ASU Full Circle recently highlighted the emerging Molecular, Tissue, and Cellular Bioengineering (MCTB) community at ASU and the second annual MCTB Symposium, co-chaired by Karmella Haynes.
J. Kullman, 07.27.17, ASU Full Circle: There are more technically precise descriptions of what’s at the core of a growing trend broadening the horizons of biomedical engineering than “the soft, squishy side of bioengineering.” But Karmella Haynes and Kaushal Rege still like the way that sums up what they and about 20 other Arizona State University faculty members are increasingly focusing on in their research and teaching.”
Read more at ASU Full Circle.
P. Zrioka, 01.13.17, ASU In The Loop: Recent findings from Assistant Professor of biomedical engineering Karmella Haynes may chart a new course in cancer treatment with the use of custom-built, therapeutic proteins. The work, published January 9 in the Nature Partner Journal Genomic Medicine, details how Haynes and her co-authors engineered proteins that activate anti-cancer genes in cancer cells.”
Read more at In The Loop.
L. Berry, 11.16.16, Global Engage. Karmella Haynes, at the Arizona State University, is one of the first synthetic biologists to engineer chromatin. It is a development that could ultimately treat diseases like cancer, through enabling large-scale changes in gene expression.
Read more at Global Engage.
J. Kullman, 11.04.16, Full Circle: Alyssa Henning earned a bachelor’s degree in biological engineering with a minor in biomedical engineering from Cornell University and a master’s degree in agricultural and biological engineering from Penn State University. She chose to come to ASU to pursue a doctoral degree in biological design in the Fulton Schools in large part because of the opportunity to work with faculty members whose expertise is in the emerging field of synthetic biology. At Cornell she got involved in the top collegiate synthetic biology challenge — the International Genetically Engineered Machine Competition, known as iGEM — which led her to meet synthetic biologist and Fulton Schools Assistant Professor Karmella Haynes.
Read more at ASU Full Circle.
Dr. Karmella Haynes will discuss the lab’s latest research at the interface of chromatin engineering and CRISPR with Science Friday host Ira Flatow this Friday, November 4th on Public Radio International (PRI). Arizona listeners can tune in to NPR station KJZZ at 12 noon to listen.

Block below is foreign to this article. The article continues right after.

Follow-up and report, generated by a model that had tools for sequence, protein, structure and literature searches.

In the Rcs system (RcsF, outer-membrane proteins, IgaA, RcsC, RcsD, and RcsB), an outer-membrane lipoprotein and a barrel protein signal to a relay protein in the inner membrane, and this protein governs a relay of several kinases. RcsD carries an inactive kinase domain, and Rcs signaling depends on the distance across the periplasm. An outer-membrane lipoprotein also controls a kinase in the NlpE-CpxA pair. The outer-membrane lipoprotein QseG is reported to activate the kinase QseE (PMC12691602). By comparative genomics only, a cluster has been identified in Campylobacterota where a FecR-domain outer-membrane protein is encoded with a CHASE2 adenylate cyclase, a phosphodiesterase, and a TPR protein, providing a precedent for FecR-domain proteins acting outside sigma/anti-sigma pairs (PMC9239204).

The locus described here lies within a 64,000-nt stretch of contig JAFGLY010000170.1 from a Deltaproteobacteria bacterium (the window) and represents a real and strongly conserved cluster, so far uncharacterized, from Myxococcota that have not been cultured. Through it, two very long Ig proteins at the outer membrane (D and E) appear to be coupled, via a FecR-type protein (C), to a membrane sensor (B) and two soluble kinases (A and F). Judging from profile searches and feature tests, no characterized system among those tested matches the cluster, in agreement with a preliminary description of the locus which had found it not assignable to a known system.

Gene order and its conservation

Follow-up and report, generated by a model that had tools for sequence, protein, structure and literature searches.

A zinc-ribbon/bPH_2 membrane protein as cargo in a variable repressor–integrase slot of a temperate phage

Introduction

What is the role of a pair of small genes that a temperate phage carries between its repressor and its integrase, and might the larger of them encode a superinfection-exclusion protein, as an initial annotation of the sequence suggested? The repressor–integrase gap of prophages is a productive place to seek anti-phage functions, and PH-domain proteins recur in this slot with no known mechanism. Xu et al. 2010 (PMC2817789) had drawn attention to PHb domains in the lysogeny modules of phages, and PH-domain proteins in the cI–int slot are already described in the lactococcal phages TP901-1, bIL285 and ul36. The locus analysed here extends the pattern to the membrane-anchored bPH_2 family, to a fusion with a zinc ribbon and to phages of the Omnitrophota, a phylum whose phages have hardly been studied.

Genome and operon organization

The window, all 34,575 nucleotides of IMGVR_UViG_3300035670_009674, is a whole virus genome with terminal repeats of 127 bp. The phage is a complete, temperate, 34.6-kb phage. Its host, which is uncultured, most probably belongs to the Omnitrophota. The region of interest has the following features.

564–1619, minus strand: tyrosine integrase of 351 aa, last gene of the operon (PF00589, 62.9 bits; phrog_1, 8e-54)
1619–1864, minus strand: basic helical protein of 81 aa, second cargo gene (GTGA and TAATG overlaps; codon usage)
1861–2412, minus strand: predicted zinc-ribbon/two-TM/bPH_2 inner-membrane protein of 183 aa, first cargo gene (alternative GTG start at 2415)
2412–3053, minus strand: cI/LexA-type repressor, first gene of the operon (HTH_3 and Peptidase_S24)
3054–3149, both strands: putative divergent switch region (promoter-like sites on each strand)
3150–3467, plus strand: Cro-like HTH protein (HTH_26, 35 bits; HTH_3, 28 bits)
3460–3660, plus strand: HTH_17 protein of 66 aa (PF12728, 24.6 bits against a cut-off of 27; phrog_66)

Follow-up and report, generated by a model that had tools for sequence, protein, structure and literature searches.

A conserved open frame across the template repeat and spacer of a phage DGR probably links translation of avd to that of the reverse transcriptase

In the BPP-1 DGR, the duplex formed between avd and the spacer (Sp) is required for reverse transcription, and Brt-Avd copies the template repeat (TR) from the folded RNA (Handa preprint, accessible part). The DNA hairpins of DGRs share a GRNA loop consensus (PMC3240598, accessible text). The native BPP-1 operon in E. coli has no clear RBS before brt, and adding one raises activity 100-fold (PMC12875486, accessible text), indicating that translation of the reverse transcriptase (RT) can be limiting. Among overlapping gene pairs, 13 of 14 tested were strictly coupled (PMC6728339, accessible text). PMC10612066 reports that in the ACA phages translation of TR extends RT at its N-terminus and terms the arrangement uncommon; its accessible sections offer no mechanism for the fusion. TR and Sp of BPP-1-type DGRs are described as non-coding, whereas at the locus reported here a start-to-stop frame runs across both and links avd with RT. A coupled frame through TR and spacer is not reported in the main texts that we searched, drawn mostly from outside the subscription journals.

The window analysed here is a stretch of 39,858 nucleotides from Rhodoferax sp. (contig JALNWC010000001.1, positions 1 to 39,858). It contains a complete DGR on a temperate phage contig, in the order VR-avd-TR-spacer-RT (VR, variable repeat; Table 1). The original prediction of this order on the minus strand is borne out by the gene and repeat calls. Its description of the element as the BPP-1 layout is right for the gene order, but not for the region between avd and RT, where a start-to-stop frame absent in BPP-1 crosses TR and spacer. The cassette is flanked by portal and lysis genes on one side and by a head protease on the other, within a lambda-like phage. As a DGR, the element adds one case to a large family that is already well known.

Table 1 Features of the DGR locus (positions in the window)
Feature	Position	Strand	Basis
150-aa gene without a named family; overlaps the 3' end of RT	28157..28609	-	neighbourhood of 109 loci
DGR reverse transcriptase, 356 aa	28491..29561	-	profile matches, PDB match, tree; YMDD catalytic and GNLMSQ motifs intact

Interview: Dr. Karmella Haynes: Expressing Her Creativity Making Epigenetic Machinery and Designing Biological Devices
M. McNeely, 10.12.2015, People Behind the Science Podcast: Dr. Karmella Haynes is an Assistant Professor in the Ira A. Fulton School of Biological and Health Systems Engineering at Arizona State University. She is also a senior judge for the International Genetically Engineered Machine Competition. She received her Ph.D. in Molecular Genetics from Washington University in St. Louis. Prior to joining the faculty at ASU, Karmella was awarded a Howard Hughes Medical Institute Teaching and Research fellowship at Davidson College, followed by an NIH postdoctoral fellowship at Harvard Medical School. Karmella is with us today to tell us all about her journey through life and science.
Read excerpts and listen to the interview at People Behind the Science.
J. Kullman, 11.10.14, ASU Now: Karmella Haynes wants to help the body fight cancer by designing proteins to stop the disease. Haynes, a synthetic biologist at Arizona State University, is leading research to explore the capability of genetically engineered proteins to reactivate tumor suppressors inside body cells to prevent the onset of cancer, or arrest its development.
Read more at ASU Now.